This is what the book of Acts is all about! And Acts chapter 10, where we began, is one of the premier examples of this. In Acts chapter 10 Peter’s not in charge, Jesus is. We’ve tried hanging onto the reigns long enough, haven’t we? It hasn’t worked out that well for us. It’s time to give Jesus full authority in our lives. Acts 10 models for what it’s like when the church gives Jesus the reigns. We end up in places we never imagined with the message of Jesus on our lips.

So, let’s try to set the story of Acts 10 in its context.

Peter’s no light weight at this moment in Acts – not at all! He preached his explosive sermon in Acts 2, immediately after the Holy Spirit was poured out upon the church. It was he and John in Acts 3 who healed the lame man in Jesus’ name. And it was he who wound up with John in prison for refusing to back away from the claim that it was indeed the risen Jesus who healed the lame man.

In Acts 9 Peter is still at it. He’s in a place called Lydda where he says to a paralytic named Aeneas, “Jesus Christ heals you.” And the man takes up his mat. The power of Jesus was at work through Peter’s hands.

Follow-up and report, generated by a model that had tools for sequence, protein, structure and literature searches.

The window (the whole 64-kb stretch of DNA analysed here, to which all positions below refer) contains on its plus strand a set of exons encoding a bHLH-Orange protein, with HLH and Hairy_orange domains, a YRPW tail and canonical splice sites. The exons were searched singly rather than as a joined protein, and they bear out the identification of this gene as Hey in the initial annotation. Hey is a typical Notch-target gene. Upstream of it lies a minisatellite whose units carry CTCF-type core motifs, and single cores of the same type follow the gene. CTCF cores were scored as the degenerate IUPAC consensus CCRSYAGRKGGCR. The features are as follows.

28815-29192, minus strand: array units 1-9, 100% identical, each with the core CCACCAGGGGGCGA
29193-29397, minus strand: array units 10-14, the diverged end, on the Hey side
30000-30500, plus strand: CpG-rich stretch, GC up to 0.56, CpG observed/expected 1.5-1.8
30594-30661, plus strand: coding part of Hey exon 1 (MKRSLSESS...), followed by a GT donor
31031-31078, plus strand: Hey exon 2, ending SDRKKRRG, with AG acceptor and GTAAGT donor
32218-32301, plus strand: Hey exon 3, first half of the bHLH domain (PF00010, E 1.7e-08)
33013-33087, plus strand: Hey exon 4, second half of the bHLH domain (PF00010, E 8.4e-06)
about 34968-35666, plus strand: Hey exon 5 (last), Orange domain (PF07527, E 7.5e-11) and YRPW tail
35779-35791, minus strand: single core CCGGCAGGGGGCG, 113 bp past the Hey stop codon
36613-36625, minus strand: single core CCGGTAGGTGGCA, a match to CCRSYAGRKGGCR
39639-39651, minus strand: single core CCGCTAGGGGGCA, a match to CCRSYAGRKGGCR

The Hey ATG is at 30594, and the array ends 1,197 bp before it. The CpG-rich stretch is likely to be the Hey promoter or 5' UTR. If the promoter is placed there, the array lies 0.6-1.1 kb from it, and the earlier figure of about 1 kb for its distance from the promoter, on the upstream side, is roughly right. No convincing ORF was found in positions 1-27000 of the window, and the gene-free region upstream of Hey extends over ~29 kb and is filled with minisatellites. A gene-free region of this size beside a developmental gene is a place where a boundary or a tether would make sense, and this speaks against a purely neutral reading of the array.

Then he’s in Joppa where a woman by the name of Tabitha has just died, and the church is in mourning. They heard Peter was close by, so they called for him and when he arrives, he gets down on his knees, prays, and says to her (the dead woman), “Tabitha, get up!” And she did. This man, our Peter, knows what it is firsthand, to have the power of Jesus flow through him.

So, Peter is in no way a novice, he is being used profoundly by Jesus who is continuing to do his astounding work in the world. Which is what makes Acts 10 all the more interesting. Jesus is about to broaden Peter’s horizon, just like he habitually did in the gospels. Jesus was always surprising his disciples, taking them places they would have never gone, and interacting with people they would have otherwise had nothing to do with. And he’s at it again here in Acts 10.

Peter’s still in Joppa. It’s noon and what’s Peter doing? He’s up on the rooftop praying. This is the posture in Acts that facilitates the work of the Spirit, by the way. He’s praying, and he’s hungry, and he sees a vision. A big sheet comes down out of the sky and it’s filled with all sorts of creatures. These are not Jewish friendly species like lambs and goats and cattle but all sorts of winged things and reptiles and the like. And then he hears a voice, “Arise Peter, kill and eat!” And Peter objects, “Never Lord! I’ve never eaten anything unclean! And the voice answers, “Don’t call anything impure that God has made clean.” And it happened again… and then a third time.